What a great, much needed rest.
It’s been a week since Spring Break came to a close, and I’m hopeful for the next two months! The first few days back from a break are sometimes rocky – did they REALLY not remember what country we live in after just a week away from school? – but I think we’re back in a groove.
As a teacher, each new school year seems to provide a blank slate of possibilities for what’s to come. On the first day of school there is a magical feeling, like anything is possible and we’re going to learn everything by the end of 180 days.
Now that spring has come into our school year, there’s a sense of urgency. I only have them for a short while, and an even shorter amount of time until their end-of-the-year state exams. Now we tend to focus our curriculum into a tight laser of “the essential” stuff we want them to know before they’re out of our hands once again for the summer.
And isn’t life the same way? We start out with wild dreams and crazy expectations (in a good way). The world is our oyster.
Halfway through, we start to get a little more practical, but there’s still a lot of fun to be had. The reality that not EVERYTHING is going to be accomplished in one lifetime is pretty clear now, and we start to focus our efforts on what we thing is most important.
I haven’t reached the spring break of my life yet, but whether we’re there, or around the halfway mark, or even if you’re still at the first days of school – this is clear:
Treat every day like it’s the final days of learning. The last days of school are coming soon enough….
Have you ever been driving somewhere with the family, and turned the music off or told the kids to stop playing their game because it occured to you they might not know the lyrics to the star spangled banner? Or what city and state they live in? Or what your phone number and address is? When this happens to me what inevitably follows is a barrage of question and answering until I am satisfied they have it, and I can rest easy the rest of the drive. I’m sure they love it.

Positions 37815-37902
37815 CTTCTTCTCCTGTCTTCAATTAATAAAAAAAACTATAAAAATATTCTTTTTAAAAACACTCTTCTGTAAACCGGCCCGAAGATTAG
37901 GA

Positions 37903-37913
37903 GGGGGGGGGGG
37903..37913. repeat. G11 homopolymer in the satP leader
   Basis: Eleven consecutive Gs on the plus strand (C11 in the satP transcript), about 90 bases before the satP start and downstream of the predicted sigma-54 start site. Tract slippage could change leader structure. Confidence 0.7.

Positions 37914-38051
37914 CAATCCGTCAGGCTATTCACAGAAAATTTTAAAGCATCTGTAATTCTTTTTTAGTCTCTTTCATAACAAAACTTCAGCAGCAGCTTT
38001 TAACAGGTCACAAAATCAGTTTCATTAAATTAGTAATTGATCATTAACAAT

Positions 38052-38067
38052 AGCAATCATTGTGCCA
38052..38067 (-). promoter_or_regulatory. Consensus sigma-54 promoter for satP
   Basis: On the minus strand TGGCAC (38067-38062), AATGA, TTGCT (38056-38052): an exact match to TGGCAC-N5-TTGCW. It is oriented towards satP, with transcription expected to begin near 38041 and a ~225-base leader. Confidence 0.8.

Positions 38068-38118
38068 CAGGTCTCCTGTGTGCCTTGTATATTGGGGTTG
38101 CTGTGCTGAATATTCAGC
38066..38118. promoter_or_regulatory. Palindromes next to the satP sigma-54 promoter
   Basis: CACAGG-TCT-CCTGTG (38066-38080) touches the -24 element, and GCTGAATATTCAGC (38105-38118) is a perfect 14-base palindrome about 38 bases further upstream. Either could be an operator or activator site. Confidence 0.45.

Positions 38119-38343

Assessment is merely the process of finding out what your children know. It would be foolish to think you can teach someone anything without also knowing what it is they KNOW. Considering there is infinite knowledge in our universe, narrowing it down to what they DON’T know would probably help speed up the process. 🙂
But assessment, or testing, doesn’t have to happen as a seperate event. You can assess while you teach. The assessment can even be used as a teaching tool, as they learn while you figure out what they need to know. An easy way to do this is a simple line up exercise. When they are lined up to go somewhere (or sitting on the couch waiting, if you’re at home) just give them some questions. The correct answerer goes to the front of the line. Then, keep going. Ask the same question two or three times. Answer some questions if they don’t understand. Discuss. Repeat. Learn.
I use this with my class, and my kids. I’m thinking about using it with my wife as well. Honey – what’s the capitol of Indiana? 🙂
Creativity is important in our lives. I saw a little post the other day that said “EARTH, without ART, is just….EH…”
I thought that was clever, and a little true. Without the creative parts of our lives, we would tend toward the type of distopian futures we see in George Orwell books. It’s our creativity, and our differences, that make us unique.
Top three reasons we should keep creativity and artistic expression in our schools, in an age where time is money and our time is constantly running out toward the MSP and HSPE testing time.